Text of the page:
A new report to be released by an international body says crypto assets could present a significant risk to global financial stability.
The Financial Stability Board, which monitors and makes recommendations for the global financial system, warned that scale, structural vulnerabilities and increasing interconnectedness with the traditional financial system could lead to the quick escalation of risk.
Crypto assets include cryptocurrencies such as bitcoin, and stablecoins, such as tether.
While they still make up a small part of the overall financial system, the market capitalization for these assets globally grew by 3.5 times in 2021 to US$2.6-trillion, according to the FSB.
The versatility of crypto assets have become increasingly obvious during recent weeks in Canada, as protesters in Ottawa and elsewhere started collecting donations in the form of cryptocurrency after their access to traditional channels was blocked.
The FSB report notes that while markets systems – such as everyday banking – have largely been shielded from the price volatility of crypto assets, the growing interconnectedness of cryptocurrencies and large financial institutions could be detrimental if governments do not regulate the sector more comprehensively.
It claims this threat has grown with the emergence of the stablecoin, a type of cryptocurrency tied to an underlying asset, such as the U.S. dollar.
“Were a major stablecoin to fail, it is possible that liquidity within the broader crypto-asset ecosystem … could become constrained, disrupting trading and potentially causing stress in those markets,” the report warned while calling for more regulatory oversight.
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Such calls have been echoed in Canada. Early this month, Conservative MP Michelle Rempel Garner introduced the first bill calling for the regulation of cryptocurrencies in Canada within the next three years. Before imposing restrictions, she said, lawmakers should consult with those working in the industry.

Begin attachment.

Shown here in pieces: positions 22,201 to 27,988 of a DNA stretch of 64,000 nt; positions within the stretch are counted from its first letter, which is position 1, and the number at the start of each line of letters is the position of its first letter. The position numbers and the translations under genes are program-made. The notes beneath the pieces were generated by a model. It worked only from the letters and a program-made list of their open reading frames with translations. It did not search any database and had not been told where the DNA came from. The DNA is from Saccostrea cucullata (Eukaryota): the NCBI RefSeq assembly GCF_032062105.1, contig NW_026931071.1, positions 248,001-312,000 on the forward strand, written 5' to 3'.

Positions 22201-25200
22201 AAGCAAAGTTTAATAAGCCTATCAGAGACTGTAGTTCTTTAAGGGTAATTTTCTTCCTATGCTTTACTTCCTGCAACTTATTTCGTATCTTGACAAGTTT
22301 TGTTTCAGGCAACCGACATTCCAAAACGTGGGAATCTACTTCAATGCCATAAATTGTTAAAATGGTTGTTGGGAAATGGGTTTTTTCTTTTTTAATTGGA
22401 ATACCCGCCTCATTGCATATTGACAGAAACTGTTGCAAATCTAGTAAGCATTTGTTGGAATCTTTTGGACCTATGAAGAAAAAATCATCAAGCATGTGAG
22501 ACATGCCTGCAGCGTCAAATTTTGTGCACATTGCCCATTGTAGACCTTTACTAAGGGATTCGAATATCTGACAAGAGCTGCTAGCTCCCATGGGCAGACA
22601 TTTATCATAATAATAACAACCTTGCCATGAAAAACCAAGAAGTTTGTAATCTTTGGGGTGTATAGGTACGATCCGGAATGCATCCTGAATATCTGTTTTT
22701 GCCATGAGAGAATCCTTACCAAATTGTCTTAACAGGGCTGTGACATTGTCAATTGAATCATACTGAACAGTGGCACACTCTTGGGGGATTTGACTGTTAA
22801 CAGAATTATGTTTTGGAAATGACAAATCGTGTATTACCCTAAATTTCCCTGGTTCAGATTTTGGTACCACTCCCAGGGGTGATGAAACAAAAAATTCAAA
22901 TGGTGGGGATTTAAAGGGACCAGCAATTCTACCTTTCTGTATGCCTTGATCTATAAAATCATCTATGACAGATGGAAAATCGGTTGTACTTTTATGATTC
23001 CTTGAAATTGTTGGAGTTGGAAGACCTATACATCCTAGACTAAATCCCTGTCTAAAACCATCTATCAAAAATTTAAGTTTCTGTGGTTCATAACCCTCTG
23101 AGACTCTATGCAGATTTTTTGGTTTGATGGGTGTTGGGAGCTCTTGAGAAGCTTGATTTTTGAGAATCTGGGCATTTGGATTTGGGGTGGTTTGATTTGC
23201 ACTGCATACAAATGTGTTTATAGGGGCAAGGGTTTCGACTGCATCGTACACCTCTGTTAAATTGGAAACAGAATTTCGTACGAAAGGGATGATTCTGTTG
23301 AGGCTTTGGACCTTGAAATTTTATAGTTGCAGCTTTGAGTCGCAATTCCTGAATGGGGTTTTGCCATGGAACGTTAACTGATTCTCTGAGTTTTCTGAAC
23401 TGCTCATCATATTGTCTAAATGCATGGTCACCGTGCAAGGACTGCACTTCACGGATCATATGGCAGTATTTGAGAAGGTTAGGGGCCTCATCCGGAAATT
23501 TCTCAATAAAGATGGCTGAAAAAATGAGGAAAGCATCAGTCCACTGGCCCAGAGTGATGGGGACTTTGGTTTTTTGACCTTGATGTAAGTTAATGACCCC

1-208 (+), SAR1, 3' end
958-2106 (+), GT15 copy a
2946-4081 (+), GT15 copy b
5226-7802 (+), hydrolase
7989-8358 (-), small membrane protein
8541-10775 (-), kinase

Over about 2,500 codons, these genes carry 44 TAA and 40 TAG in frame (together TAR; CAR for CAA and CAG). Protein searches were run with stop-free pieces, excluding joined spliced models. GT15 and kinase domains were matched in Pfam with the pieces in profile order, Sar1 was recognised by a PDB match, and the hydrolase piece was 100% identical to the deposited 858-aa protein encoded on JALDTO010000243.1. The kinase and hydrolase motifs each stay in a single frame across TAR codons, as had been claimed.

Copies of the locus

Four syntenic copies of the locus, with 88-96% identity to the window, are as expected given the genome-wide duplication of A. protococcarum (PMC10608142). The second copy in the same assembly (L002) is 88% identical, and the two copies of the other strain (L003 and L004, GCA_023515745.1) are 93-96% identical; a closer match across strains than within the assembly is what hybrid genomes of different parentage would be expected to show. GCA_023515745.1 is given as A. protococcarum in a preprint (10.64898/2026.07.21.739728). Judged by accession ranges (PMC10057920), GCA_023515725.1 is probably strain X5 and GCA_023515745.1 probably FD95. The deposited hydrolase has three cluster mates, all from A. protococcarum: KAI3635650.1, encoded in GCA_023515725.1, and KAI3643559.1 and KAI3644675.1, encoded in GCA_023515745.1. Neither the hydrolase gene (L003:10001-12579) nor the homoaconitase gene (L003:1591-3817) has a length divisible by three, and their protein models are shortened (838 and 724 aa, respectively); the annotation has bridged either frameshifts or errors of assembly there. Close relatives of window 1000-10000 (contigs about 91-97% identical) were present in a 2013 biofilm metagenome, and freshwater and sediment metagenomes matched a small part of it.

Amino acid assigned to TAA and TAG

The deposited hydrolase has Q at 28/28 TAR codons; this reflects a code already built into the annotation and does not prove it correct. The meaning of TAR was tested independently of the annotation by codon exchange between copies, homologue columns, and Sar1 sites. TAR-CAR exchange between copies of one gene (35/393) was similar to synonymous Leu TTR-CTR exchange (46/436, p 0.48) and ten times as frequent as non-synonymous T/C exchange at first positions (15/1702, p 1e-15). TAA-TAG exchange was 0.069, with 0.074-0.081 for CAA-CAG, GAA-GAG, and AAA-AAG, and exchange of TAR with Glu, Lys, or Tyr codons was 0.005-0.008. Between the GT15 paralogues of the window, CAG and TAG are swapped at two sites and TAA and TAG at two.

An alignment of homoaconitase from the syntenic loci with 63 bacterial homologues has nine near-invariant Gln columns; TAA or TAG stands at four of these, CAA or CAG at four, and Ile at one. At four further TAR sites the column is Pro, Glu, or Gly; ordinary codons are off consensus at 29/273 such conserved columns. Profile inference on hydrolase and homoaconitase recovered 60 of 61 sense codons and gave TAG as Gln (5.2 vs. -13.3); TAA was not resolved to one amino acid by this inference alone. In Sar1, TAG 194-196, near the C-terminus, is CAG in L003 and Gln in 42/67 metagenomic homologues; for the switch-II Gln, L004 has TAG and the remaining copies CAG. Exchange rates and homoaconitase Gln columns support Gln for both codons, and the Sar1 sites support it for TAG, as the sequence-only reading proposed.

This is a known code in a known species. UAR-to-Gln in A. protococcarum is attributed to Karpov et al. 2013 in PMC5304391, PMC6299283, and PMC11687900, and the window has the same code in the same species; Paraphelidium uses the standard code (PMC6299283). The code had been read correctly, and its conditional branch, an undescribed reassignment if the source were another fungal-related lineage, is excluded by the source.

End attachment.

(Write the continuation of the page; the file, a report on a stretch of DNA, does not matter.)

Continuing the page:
Yet regulators have already addressed many of the issues the report is citing, said Boris Wertz, founder of Vancouver-based VC firm Version One Ventures and a long-time investor in cryptocurrency startups, who called the report “fear mongering.”
Indeed, under Canadian law, crypto exchanges are subject to securities requirements. On Tuesday, those legal limitations were extended in the Emergencies Act to include restrictions on crypto crowdfunding.
Moreover, Mr. Wertz says that the crypto sector is still too small to present significant system risk of the sort the Financial Stability Board is suggesting.
“I think a lot of these reports underestimate how small crypto still is in the overall context of global finance,” said Mr. Wertz, adding that the total crypto asset market cap is comparable to that of Apple Inc., currently around US$2.8-trillion.
Yet defining the areas of risk early will be important in developing the regulation we already have, said Ryan Clements, assistant professor of business law and regulation at the University of Calgary. Stablecoins, in particular, present a range of unique risks given their potential to be used globally as a payment mechanism, he said.
“There’s a potential for runs on stablecoins. That can impact monetary policy, and that can impact national security,” Prof. Clements said.
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